A lot vs. Alot: 9 Grammatical Pitfalls
Old English gad "point, spearhead, arrowhead," from Proto-Germanic *gaido (cf. Lombardic gaida "spear"), from PIE *ghei- (cf. Sanskrit hetih "missile, projectile," himsati "he injures;" Avestan zaena- "weapon;" Greek khaios "shepherd's staff;" Old English gar "spear;" Old Irish gae "spear"). Figurative use is since 16c., probably from the Bible.
1570s, from goad (n.); earliest use is figurative. Related: Goaded; goading.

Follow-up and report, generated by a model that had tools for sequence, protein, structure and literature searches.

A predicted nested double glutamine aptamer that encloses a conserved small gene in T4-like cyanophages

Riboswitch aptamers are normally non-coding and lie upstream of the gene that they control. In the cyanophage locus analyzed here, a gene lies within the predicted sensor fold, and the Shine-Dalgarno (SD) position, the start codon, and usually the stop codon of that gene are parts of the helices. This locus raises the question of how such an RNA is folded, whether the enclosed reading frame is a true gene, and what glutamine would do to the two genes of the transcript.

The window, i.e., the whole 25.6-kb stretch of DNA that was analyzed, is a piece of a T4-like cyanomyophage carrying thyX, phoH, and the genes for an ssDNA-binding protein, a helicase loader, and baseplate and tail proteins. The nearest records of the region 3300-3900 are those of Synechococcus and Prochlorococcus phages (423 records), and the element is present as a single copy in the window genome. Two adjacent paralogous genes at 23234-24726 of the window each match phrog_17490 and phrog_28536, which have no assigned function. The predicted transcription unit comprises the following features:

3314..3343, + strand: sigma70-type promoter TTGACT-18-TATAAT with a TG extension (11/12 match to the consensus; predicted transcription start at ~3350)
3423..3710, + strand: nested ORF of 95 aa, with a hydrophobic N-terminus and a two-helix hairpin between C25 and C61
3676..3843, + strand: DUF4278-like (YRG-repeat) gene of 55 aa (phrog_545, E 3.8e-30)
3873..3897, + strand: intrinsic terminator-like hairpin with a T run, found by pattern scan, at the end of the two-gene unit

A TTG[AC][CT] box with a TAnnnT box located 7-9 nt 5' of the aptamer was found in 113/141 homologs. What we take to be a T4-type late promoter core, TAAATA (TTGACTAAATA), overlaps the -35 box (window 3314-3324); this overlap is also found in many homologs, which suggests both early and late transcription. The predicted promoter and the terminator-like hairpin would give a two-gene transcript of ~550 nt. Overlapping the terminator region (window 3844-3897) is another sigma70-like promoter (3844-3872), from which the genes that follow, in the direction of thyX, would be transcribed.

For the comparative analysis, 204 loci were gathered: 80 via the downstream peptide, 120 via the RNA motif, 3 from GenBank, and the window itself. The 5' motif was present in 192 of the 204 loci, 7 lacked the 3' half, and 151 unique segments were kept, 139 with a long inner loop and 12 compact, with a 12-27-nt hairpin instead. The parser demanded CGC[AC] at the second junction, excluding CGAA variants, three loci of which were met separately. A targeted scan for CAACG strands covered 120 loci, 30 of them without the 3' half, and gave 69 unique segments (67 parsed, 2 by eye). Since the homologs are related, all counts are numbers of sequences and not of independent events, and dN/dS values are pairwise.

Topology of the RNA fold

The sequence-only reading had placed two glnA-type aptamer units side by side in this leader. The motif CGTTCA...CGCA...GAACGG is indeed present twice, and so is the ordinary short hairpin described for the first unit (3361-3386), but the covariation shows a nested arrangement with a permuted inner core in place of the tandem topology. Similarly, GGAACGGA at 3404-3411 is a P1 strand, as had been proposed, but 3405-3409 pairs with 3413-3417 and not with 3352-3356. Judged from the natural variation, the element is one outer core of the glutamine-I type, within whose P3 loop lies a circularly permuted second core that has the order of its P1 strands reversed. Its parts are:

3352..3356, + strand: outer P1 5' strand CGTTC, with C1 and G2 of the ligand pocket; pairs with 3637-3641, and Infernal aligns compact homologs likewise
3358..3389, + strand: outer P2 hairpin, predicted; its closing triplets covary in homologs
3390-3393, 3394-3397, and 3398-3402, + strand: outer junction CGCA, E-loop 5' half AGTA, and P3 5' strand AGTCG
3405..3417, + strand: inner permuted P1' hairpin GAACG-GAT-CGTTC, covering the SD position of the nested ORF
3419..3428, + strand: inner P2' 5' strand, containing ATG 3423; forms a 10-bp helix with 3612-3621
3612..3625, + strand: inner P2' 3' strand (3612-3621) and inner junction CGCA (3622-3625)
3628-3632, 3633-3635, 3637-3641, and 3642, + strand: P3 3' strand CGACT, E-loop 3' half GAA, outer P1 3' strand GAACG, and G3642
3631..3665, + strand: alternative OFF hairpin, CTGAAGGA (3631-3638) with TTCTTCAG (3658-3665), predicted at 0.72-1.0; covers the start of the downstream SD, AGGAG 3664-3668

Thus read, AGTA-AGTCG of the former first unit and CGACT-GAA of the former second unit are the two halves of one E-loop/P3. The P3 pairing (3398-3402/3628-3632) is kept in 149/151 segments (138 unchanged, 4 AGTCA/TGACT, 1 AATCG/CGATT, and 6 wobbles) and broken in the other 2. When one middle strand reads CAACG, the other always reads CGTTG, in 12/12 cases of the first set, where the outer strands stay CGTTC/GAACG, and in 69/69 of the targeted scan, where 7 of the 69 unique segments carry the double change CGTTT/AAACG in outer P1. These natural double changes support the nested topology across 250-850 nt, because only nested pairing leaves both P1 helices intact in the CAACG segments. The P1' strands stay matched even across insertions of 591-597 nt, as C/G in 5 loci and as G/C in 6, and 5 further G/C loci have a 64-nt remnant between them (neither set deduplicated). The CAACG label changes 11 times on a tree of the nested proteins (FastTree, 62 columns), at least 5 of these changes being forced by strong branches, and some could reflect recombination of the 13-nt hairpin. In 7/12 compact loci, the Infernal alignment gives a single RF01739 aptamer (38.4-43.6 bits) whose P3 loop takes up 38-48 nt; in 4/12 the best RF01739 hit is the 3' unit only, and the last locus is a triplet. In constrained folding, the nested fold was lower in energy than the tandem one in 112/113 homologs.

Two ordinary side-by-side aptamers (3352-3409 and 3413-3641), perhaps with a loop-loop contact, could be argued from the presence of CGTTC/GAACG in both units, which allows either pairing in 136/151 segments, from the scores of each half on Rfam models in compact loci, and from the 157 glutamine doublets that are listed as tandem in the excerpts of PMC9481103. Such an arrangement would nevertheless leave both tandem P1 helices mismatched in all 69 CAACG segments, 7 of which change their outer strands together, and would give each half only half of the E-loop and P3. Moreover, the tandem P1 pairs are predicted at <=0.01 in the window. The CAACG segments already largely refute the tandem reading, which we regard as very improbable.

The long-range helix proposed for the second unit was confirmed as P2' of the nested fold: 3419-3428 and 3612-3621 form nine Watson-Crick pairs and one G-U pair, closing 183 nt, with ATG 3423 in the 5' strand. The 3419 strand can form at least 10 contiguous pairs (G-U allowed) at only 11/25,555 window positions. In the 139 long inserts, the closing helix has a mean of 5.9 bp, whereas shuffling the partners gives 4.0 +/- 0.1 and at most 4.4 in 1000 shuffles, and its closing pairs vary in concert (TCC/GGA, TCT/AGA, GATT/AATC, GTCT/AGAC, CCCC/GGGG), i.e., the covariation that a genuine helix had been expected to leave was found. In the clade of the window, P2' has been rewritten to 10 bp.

(Heb. malmad, only in Judg. 3: 31), an instrument used by ploughmen for guiding their oxen. Shamgar slew six hundred Philistines with an ox-goad. "The goad is a formidable weapon. It is sometimes ten feet long, and has a sharp point. We could now see that the feat of Shamgar was not so very wonderful as some have been accustomed to think." In 1 Sam. 13:21, a different Hebrew word is used, _dorban_, meaning something pointed. The expression (Acts 9:5, omitted in the R.V.), "It is hard for thee to kick against the pricks", i.e., against the goad, was proverbial for unavailing resistance to superior power.